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Younger people with an eye to their retirements are being urged to take care after a rise in the number of under-50s running their own super fund, attracted by the promise of more control and flexibility over their retirement savings.
Figures from the Australian Taxation Office (ATO) show 25- to 49-year-olds accounted for almost 60 per cent of new establishments of self-managed superannuation funds (SMSFs) in the first quarter of this year.
Self-managed superannuation funds can seem like a good idea, but it is a step that should not be taken lightly.Credit: Karl Hilzinger
Tim Steele, the chief executive officer of SMSF administration software company Class, says the growth reflects the increasing level of education among younger people around investing. Class’s 2023 Annual Benchmark Report cites ATO figures showing the median age of those establishing funds has reduced from 54 in 2010 to 46 in 2020.
“The younger generation is realising the many benefits SMSFs offer, including flexibility, investment choice and control, as well as the opportunity to become more engaged in their retirement outcomes,” Steele says.
However, Andrew Heaven, an AMP financial planner with WealthPartners Financial Solutions, cautions that running your own super fund is onerous, and it is not something you dive into without your eyes wide open.
He says there are those for whom having their own fund can make a lot of sense, such as small business owners, entrepreneurs and professionals who work for themselves.
That is particularly for those who own real estate from which they conduct their businesses, where the property can be held in the fund. Others may want residential property in their fund, though they cannot live in or use the property themselves.
Heaven says those thinking of starting their own fund have to be prepared to put in the work of running the fund, keep up-to-date with regulatory changes and take an active interest in how the money is invested.
The novelty of running a fund can wear off because of the responsibility involved, he says, and large modern super funds can make many more types of investments these days than was the case years ago.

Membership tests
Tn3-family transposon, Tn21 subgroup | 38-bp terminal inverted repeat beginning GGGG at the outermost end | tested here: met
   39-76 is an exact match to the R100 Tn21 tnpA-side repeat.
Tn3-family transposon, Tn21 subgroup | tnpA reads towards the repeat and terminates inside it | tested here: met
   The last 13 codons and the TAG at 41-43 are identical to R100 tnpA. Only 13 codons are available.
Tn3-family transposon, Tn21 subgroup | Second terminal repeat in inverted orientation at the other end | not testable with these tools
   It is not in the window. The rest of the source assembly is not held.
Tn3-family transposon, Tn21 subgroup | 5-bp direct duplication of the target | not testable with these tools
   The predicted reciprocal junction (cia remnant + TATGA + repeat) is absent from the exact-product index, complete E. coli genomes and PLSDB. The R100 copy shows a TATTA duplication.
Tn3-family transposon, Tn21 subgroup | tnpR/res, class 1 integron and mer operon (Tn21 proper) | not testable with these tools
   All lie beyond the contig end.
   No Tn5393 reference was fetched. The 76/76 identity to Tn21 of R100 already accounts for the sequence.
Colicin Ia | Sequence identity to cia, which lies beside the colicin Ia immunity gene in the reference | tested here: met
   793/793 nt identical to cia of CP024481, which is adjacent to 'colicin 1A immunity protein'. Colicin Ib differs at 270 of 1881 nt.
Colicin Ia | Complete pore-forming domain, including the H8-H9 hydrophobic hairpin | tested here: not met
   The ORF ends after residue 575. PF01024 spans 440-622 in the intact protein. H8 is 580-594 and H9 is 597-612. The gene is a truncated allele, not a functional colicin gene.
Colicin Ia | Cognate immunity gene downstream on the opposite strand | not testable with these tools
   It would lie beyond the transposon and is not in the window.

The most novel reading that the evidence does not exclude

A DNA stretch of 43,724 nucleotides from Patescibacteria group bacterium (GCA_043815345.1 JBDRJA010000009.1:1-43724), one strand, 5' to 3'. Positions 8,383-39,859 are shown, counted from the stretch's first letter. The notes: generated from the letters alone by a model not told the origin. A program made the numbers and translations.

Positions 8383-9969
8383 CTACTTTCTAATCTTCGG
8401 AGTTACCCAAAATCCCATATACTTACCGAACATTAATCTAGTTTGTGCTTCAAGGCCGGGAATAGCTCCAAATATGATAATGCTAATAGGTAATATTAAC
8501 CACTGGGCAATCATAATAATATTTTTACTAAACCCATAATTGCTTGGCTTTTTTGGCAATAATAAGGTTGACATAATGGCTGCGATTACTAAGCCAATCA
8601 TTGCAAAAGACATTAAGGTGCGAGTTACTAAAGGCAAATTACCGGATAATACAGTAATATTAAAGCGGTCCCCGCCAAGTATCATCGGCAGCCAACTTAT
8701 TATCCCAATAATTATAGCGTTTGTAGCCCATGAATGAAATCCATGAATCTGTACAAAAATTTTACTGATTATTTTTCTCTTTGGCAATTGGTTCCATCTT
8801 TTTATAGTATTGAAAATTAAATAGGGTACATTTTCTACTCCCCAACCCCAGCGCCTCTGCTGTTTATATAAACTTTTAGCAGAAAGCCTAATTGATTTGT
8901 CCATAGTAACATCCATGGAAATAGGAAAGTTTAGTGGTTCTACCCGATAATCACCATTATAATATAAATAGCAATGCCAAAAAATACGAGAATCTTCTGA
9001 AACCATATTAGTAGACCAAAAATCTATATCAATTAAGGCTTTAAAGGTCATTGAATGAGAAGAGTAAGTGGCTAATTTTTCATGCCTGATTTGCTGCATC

Large super funds, including the investment “platforms” that tend to be used by financial planners for their clients, offer direct shares, such as Australian shares as well as Australian listed exchange-traded funds.
Further complicating the process is the question of how much money is needed to start a DIY fund to cover the establishment and ongoing costs, given that the best of the large super funds have costs that are less than 1 per cent of the balance of the super account.
You have to be confident the costs of the fund are worth the flexibility, Heaven says. “It’s really not financially viable to run a SMSF, given the costs, unless you have at least half-a-million dollars in the fund,” he says.
Financial adviser and Belay Advisory co-founder Richard Felice says SMSFs can be good for those who want to put some of their retirement savings towards hard-to-access investments.
Felice’s clients tend to be well-off, and they may want to invest in “private” markets, like private equity funds, for example. Even then, running your own fund “comes with responsibilities, and you have to weigh up if the administration and the time that it takes [to run the fund], and the costs,” Felice says.
- Advice given in this article is general in nature and is not intended to influence readers’ decisions about investing or financial products. They should always seek their own professional advice that takes into account their own personal circumstances before making any financial decisions.
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